phases.
Students demonstrated very positive personal development and social skills.
There was very good teaching in the KG, with improvements found in the elementary phase. However,
teaching was less effective in the upper phases. Good assessment systems were in place across the school.
There was improved alignment of core curriculum subjects to the US Curriculum, and a broad and
interesting KG curriculum.
There was outstanding health and safety across the school, and very good support for most students.
Strong and visionary leadership contributed to a well-managed and resourced school.
What did the school do well?      The quality of teaching and
What did the school do well?
The quality of teaching and learning skills in the KG which resulted in positive outcomes for all children.
The outstanding health and safety provision.
The quality of care and support for children and students in KG and the elementary phase.
The effective engagement and increased involvement of parents in school life.
The improved resources available for effective teaching and learning.
What does the school need to do next?  In Arabic, raise the level of expectations
What does the school need to do next?
In Arabic, raise the level of expectations and challenge in the classroom to enable at least good
outcomes for all students.
Raise attainment and progress in the middle and high schools by:
o
o
o
improving the quality of teaching, through modeling and monitoring good practice, and providing
high-level professional development
taking a consistent approach to developing the quality and range of higher level learning skills
ensuring more precise alignment of the chosen US State curriculum, with a clear sequence of
learning and progress targets and expected learning outcomes for students in all subjects.
Strengthen the improvement and action planning through a more focused process of self-evaluation
taken from planning which is focused on securing improved student outcomes.
How well did the school provide for students with special educational needs and disabilities?  The
How well did the school provide for students with special educational needs and disabilities?  The
How well did the school provide for students with special educational needs and disabilities?
The progress of students with special educational needs and disabilities (SEND) was consistently good in
KG and elementary phase. The majority of teachers in the upper grades had not rigorously measured
students’ progress and outcomes outlined in the individual education planning process.
Reporting to parents was useful in terms of the quality of information provided about their child’s
individual learning targets and social development.
The school ensured that effective communication between home and school was regular and positive. The
language in letters and reports to parents was supportive and helpful.
The school was successful in engaging and involving parents in their children's learning and well-being.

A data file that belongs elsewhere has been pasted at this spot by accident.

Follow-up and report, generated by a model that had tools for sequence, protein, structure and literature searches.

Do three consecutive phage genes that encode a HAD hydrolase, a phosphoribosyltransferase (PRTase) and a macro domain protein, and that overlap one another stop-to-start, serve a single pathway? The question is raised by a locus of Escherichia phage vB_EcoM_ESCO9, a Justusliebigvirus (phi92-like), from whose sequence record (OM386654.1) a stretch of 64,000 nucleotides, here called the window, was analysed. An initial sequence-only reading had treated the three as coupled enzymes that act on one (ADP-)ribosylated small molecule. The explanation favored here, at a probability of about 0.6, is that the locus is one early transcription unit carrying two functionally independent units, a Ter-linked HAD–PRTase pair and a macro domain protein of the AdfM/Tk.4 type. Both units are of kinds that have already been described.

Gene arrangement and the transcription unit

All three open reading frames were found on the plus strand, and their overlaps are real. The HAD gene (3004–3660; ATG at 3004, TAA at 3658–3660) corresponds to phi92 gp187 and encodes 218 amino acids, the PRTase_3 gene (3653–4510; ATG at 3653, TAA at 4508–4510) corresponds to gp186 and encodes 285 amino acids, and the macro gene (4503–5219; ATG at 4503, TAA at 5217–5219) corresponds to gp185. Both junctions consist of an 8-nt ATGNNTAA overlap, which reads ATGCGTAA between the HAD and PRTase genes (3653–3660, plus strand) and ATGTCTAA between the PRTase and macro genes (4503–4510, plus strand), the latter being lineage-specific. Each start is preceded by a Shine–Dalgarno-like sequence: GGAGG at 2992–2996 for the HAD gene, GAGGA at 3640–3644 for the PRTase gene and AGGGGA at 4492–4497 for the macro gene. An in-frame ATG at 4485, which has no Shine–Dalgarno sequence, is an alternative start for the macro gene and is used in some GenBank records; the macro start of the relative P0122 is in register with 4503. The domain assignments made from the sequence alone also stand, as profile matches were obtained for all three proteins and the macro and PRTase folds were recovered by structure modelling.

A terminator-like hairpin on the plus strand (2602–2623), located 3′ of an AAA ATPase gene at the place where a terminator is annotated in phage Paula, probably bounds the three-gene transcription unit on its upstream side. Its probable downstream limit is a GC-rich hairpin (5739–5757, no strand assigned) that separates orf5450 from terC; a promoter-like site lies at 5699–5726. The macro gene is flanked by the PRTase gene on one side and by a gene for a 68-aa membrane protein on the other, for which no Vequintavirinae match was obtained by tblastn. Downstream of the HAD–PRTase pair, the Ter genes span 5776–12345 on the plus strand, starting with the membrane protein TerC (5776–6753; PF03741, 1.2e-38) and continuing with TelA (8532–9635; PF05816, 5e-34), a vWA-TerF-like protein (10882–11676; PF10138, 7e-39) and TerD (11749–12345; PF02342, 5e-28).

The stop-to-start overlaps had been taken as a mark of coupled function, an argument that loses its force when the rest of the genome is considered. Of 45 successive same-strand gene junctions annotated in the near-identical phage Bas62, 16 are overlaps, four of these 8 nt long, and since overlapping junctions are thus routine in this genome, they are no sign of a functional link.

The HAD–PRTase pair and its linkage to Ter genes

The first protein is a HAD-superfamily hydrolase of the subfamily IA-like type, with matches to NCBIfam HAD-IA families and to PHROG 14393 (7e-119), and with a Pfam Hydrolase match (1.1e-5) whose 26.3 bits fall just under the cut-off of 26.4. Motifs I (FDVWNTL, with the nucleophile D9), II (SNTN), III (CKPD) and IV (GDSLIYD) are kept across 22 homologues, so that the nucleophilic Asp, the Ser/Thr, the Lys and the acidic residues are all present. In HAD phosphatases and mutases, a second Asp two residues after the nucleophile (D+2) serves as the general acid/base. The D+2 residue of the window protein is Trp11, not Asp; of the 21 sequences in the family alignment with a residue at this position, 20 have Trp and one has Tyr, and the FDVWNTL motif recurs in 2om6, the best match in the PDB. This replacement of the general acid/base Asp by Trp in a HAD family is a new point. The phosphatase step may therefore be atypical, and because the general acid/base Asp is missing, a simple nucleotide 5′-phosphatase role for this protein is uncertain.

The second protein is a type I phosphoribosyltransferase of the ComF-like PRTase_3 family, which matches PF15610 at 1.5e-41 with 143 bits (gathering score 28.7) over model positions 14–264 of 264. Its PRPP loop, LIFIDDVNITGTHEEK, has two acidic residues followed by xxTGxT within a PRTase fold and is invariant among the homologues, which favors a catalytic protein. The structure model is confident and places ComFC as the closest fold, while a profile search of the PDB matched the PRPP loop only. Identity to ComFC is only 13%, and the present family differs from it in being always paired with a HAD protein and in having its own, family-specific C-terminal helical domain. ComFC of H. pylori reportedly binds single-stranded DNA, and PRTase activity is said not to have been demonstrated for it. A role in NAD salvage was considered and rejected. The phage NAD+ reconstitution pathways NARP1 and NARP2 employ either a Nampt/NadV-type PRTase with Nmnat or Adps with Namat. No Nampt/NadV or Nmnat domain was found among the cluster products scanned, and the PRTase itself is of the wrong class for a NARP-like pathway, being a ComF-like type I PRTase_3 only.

Parents and teachers shared in setting high expectations for children.
 High quality advice was available on a range of important matters, such as academic progress and personal
counseling issues. Providing life-long learning skills to students with challenging and other behaviors was
well-planned and a key element of guidance.
National Agenda Parameter In 2014, H.H. Sheikh Mohammed Bin Rashid Al Maktoum, Vice-President and Prime Minister
 

National Agenda Parameter

 
In 2014, H.H. Sheikh Mohammed Bin Rashid Al Maktoum, Vice-President and Prime Minister of UAE, and

In 2014, H.H. Sheikh Mohammed Bin Rashid Al Maktoum, Vice-President and Prime Minister of UAE, and Ruler of Dubai, launched the UAE National Agenda 2021, with education being a prime focus. The National Agenda includes two major objectives developed with the intent of placing the UAE among the most successful countries that

provide world-class education. By 2021, it is expected that the UAE will feature in the top

twenty countries in the ‘Programme for International Student Assessment’ (PISA) test and

test.

in the top fifteen countries in the ‘Trends in Mathematics and Science Studies’ (TIMSS)

In response to this, each participating school was issued a report on their students’ performance in these

international assessments and in addition, they were provided with clear targets for improving their performance. This academic year, KHDA introduced the National Agenda Parameter, which is a method for measuring and monitoring schools’ progress towards achieving their individual National Agenda targets through the use of external benchmarking assessments.

 

Main points:

The school met the registration requirements of the National Agenda Parameter.

Progress towards meeting the National Agenda targets was not secure.

The school adequately promoted awareness of the UAE National Agenda through the regular newsletters sent to parents and the school community. The school also regularly discussed the UAE National Agenda in meetings with parents and staff. Parents demonstrated their good levels of understanding of the UAE National Agenda.